6 Surprising Myths About Domestic Violence
On hearing the recent news coverage about Ray Rice, Greg Hardy, and Ray McDonald, many of us thought, “How could anyone do that?” As Savvy Psychologist reveals, the truth about what goes through an abusive man’s head is not always what you’d expect.
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Myth #3: He's abusive because he's depressed, traumatized, or has some other kind of mental illness
Fact: Mental illness and abuse are separate issues.
Indeed, some abusers do have a mental illness, but that’s a separate problem from the abuse. And mental illness doesn’t cause abuse—think of all the people in this world who are depressed, alcoholic, drug-addicted, or traumatized who wouldn’t hurt a fly.
Furthermore, the typical abuser is often healthy and functional in the other areas of his life. He often has a good relationships with extended family members, gets good reviews at work, and has friends—none of which are signs of mental illness.
More signs that he’s not mentally ill: his anger isn’t random or driven by delusions. He doesn’t throw or break stuff he cares about. He’s rational enough to understand that you’re not cheating on him just because you had a conversation with another man. He can pull it together instantly when the police come to the house. In short, his crazy-appearing abuse is totally rational.
Abusers do often have a problem with how they manage their emotions. When an abuser feels bad, he lets his anger, sadness, hurt, or frustration grow and grow until everyone else in the house is miserable, too. It won’t stop until someone tries to rescue him, and then he’ll blame that person.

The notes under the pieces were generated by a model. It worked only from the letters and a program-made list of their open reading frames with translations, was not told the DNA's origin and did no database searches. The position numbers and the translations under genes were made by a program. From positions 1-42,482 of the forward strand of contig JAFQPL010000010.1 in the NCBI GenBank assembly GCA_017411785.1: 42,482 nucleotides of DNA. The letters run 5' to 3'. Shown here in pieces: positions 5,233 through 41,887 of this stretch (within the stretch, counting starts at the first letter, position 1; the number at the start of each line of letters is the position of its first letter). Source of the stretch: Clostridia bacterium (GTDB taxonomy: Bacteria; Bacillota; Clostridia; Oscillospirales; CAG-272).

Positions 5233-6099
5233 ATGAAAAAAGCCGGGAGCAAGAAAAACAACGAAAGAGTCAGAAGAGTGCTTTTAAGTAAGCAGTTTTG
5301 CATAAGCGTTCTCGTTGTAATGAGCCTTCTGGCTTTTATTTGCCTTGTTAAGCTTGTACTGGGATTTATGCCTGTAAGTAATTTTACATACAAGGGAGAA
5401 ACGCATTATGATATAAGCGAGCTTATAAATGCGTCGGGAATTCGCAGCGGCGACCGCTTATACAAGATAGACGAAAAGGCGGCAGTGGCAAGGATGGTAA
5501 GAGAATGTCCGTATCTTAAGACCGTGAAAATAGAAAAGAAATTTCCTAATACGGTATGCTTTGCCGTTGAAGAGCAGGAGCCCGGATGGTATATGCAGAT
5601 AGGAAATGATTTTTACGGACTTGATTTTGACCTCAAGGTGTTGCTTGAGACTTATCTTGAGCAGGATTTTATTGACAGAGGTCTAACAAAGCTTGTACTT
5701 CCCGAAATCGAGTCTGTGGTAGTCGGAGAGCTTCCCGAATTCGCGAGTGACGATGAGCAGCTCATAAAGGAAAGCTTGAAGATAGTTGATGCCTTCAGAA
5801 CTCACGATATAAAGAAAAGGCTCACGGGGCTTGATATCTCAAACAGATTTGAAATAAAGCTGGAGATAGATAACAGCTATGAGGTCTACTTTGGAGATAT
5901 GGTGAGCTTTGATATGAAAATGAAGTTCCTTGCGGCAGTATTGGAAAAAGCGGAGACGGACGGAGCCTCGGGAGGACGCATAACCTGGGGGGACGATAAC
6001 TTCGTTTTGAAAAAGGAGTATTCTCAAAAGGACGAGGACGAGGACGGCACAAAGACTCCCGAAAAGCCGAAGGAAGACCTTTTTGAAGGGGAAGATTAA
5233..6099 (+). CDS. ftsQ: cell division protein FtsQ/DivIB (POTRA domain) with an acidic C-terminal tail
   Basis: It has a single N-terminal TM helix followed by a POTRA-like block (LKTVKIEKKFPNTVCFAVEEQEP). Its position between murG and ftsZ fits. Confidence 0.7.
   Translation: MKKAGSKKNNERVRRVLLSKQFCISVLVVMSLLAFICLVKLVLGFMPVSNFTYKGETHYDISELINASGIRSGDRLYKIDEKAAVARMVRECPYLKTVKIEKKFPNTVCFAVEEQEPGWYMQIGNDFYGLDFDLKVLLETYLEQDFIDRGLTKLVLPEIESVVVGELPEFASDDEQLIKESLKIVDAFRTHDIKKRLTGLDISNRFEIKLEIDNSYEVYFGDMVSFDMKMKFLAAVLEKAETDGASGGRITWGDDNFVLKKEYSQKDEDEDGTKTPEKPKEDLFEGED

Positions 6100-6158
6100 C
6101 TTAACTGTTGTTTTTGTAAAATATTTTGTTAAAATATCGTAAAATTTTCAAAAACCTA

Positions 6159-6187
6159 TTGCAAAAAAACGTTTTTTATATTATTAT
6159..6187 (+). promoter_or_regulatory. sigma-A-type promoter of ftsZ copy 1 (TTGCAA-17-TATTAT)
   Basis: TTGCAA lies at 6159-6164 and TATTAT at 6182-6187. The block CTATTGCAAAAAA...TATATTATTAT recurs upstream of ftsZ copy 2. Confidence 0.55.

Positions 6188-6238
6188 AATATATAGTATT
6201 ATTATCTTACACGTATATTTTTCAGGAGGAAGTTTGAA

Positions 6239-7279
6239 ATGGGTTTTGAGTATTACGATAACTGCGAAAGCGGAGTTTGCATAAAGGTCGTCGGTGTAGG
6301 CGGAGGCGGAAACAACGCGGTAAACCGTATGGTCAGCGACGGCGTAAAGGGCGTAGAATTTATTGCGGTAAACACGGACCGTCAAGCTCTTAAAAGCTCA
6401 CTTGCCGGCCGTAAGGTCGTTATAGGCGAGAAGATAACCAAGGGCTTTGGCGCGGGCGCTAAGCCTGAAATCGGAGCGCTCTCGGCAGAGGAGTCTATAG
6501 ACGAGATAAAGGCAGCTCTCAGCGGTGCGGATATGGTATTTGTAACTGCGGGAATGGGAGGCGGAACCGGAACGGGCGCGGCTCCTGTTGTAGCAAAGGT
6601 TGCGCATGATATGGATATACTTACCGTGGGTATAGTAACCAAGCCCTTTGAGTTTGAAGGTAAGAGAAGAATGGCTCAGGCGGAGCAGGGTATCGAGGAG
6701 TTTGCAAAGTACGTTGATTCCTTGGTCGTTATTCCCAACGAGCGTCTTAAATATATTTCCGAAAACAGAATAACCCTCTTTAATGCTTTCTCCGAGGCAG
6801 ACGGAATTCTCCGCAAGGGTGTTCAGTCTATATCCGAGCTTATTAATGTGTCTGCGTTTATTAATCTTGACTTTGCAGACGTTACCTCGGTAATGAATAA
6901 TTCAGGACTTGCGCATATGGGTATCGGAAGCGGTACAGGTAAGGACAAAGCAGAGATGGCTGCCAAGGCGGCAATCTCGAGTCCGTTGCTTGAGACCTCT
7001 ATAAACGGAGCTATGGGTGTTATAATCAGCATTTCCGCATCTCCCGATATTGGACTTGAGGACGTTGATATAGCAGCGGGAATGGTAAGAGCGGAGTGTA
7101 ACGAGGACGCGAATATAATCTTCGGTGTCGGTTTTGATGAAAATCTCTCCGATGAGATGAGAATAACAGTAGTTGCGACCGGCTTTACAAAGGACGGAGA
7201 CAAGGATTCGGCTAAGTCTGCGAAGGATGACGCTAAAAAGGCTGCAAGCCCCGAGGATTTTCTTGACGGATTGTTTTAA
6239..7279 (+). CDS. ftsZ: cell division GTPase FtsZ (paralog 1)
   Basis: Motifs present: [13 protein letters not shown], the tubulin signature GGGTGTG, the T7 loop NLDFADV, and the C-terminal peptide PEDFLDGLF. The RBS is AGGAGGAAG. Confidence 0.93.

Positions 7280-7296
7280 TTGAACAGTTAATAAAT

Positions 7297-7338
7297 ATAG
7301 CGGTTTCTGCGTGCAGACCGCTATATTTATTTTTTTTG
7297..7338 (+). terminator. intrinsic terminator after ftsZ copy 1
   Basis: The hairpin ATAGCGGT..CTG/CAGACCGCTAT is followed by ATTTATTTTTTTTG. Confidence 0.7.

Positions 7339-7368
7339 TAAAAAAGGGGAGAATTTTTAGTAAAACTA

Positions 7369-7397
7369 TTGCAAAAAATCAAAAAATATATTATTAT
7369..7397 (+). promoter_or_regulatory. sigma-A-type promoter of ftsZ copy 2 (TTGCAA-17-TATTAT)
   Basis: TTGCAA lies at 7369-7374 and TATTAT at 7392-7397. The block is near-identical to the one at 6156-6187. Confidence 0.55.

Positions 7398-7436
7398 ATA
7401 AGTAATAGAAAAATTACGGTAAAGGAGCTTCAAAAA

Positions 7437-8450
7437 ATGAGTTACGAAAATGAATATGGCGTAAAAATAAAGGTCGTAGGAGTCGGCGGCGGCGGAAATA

Also, abusers often won’t allow or acknowledge negative feelings in others. He’s allowed to be angry, but if you’re mad, he’ll either mess with your head or let you have it. If you fight back, he’ll claim that you’re abusing him, or that he’s hitting you in self-defense: “I had to smack some sense into you.”
Myth #4: He’s jealous and controlling because he has low self-esteem
Fact: On the contrary, he thinks he’s special.
You might think that if you are there for him or support him enough, you can stop the abuse. Ironically, this just makes things worse. He demands your deference and emotional catering, gets the praise he is seeking from you, but always—always—thinks it’s not enough.
It’s actually the opposite of insecurity—he feels he is special, deserving, and entitled. He considers it a right to have you all to himself, and to punish you if you don’t do what he wants. He thinks you should be grateful for the freedom he allows you, the financial allowance he gives you, or the friends he lets you have. He wants a reward for his generosity, and has no idea he’s being controlling.
In fact, he feels justified. He’ll rationalize the abuse. He’ll tell you, “You know how to get to me.” “You pushed me over the edge.” Just like those embedded in drug addiction or alcoholism, he’ll blame everyone except himself, and then make you feel sorry for him.
If that doesn’t convince you, if you’ve been abused, think about what your partner’s criticisms have done to your self-esteem. I’m guessing it hasn’t turned you into an abuser.